HAMMOND – Members of a sub-group formed by the Hammond Wind Committee declined comment about the background noise level study being conducted, but Town Supervisor Ronald W. Bertram suggested that data will be available as soon as the committee has time to compile it.
Wind committee tri-chair, Michele W. McQueer, who has signed a wind lease with Iberdrola Renewables, Inc., has said in the past that she doesn’t agree with predictions made by Charles E. Ebbing, a sound expert brought in by the committee, that background noise levels around Hammond will be in the 25 to 35 decibel range.
Her growing frustration at other members of the committee has become evident in exchanges at committee meetings.
Tuesday, she said the committee had “agreed not to” share their findings about sound with the public or press.
“I don’t want to get in trouble again,” by commenting, she said.
Mrs. McQueer is joined on the sound sub-group by fellow tri-chair, Rudolph Schneider, as well as Donald A. Ceresoli Jr., another wind committee member. Community volunteers, Allison and Ann Root and Thomas Chapman, join Mr. Bertram in rounding out the group.
While Mrs. McQueer and Mr. Ceresoli were discussing their sound data findings in front of the public prior to Monday’s committee meeting, their discussion was not shared with the committee, public, nor press during the meeting itself.
A phone call to Mr. Ceresoli went unanswered and unreturned.
Mr. Chapman said he and Mr. Schneider planned to get sound readings Wednesday evening, but that results would be shared with the committee only.
“If the committee wants to share the information, that’s up to them,” Mr. Chapman said.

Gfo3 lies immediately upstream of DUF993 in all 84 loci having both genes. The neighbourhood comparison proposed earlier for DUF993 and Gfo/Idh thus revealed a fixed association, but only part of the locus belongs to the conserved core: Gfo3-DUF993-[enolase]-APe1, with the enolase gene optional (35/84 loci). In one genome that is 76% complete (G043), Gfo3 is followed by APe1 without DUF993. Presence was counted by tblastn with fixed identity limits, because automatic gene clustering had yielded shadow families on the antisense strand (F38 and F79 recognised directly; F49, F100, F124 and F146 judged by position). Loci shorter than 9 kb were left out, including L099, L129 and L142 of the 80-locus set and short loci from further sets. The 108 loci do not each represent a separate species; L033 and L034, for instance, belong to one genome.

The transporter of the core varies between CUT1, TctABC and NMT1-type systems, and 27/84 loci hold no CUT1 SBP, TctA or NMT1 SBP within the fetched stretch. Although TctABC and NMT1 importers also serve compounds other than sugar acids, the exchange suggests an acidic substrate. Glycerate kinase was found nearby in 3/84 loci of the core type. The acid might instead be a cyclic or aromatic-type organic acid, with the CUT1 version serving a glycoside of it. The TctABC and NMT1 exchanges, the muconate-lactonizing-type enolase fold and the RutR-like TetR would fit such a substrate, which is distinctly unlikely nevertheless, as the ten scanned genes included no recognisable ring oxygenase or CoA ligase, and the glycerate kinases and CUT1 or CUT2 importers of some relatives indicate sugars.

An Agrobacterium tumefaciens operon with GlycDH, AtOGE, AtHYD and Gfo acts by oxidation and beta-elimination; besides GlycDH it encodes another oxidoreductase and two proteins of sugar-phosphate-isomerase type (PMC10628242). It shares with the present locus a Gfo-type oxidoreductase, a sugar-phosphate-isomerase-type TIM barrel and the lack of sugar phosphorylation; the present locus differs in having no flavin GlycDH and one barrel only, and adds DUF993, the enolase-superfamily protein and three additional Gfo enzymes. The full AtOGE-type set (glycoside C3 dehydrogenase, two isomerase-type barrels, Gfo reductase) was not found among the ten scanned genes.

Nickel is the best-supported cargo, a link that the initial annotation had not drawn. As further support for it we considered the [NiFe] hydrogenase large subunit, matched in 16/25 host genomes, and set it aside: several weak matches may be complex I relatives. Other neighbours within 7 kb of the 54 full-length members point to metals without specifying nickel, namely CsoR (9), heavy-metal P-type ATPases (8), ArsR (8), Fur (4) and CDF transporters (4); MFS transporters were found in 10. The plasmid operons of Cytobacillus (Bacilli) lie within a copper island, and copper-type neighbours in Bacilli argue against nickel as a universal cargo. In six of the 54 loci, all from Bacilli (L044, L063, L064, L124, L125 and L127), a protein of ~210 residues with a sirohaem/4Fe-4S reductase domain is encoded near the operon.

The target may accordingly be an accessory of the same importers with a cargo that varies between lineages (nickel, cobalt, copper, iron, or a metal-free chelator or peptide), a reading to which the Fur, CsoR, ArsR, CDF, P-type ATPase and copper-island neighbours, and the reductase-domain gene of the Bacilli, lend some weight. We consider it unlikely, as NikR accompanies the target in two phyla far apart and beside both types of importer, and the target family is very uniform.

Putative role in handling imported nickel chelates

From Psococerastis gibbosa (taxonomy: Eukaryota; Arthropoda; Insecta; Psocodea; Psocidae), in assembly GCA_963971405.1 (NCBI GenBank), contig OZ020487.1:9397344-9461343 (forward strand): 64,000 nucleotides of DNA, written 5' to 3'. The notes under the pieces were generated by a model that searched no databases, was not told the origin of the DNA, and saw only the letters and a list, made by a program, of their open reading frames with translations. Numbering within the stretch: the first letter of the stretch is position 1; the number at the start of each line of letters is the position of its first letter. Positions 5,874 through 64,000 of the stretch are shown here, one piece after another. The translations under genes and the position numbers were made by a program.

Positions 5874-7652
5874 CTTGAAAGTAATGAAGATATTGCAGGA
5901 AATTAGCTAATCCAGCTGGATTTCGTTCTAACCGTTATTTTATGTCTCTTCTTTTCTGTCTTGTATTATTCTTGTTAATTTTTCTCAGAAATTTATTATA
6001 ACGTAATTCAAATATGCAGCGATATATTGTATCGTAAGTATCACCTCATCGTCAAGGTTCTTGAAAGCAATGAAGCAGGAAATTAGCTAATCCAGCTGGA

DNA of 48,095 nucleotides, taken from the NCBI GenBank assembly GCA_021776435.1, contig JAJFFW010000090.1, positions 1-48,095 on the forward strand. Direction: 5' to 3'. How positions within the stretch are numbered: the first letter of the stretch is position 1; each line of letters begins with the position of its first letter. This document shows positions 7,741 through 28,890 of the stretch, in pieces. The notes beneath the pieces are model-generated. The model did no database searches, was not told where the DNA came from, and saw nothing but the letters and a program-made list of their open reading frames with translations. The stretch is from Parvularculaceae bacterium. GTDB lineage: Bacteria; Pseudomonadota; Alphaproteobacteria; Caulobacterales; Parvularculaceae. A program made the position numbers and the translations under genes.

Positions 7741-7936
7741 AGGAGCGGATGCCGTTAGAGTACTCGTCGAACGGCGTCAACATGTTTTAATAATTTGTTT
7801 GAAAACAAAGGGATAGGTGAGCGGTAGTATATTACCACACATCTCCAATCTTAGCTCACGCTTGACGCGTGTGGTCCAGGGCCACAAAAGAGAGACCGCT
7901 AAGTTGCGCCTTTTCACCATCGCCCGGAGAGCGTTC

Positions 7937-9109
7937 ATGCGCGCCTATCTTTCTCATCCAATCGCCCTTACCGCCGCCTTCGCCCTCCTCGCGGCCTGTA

Mr. Bertram said Thursday he hadn’t done any measurements yet. He reiterated that the sound study was simply an “exercise” and speculated that no information was being shared because of a lack of a sense of accuracy.
“Nobody wants to say the levels are such and such, because this is not a scientific study and was never intended to be,” he said.
The town supervisor said his understanding of the sound study is for the committee to determine whether background noise levels vary from place to place throughout Hammond.
“A recommendation that a multi-faceted approach in allowable sound levels within the law may be necessary,” Mr. Bertram suggested. “Allowable decibel levels may be different in various parts of town versus a relative standard for the entire community.”
Mr. Bertram said he thinks when the committee is done with the study, conclusions will be shared with the public. He went on to say that he feels the committee is making strides, despite the frustrations being publicly displayed at committee meetings, and that if the committee can cover three major areas by December, he will be satisfied with its work.
Mr. Bertram identified noise standards, setback distances, and complaint resolution as his biggest issues.
“I’m hoping that at some point, their recommendations will start coming. I think a good stride was made Monday in the discussions about protecting the river district. I feel they’ve latched on to something important there. I think there will be a recommendation coming out of that.”
Mr. Bertram said that the committee has already made the town board’s job easier in regards to reviewing the wind law with the documentation they have compiled.
“If nothing else, the information and the law have been looked at again. This board has committed itself to making adjustments (to the law) to protect the health, welfare, and safety of the residents of Hammond,” he said.
Mr. Bertram said more information for the public about background noise levels in Hammond should be available at the committee meeting Monday at 7 p.m. in the village hall.
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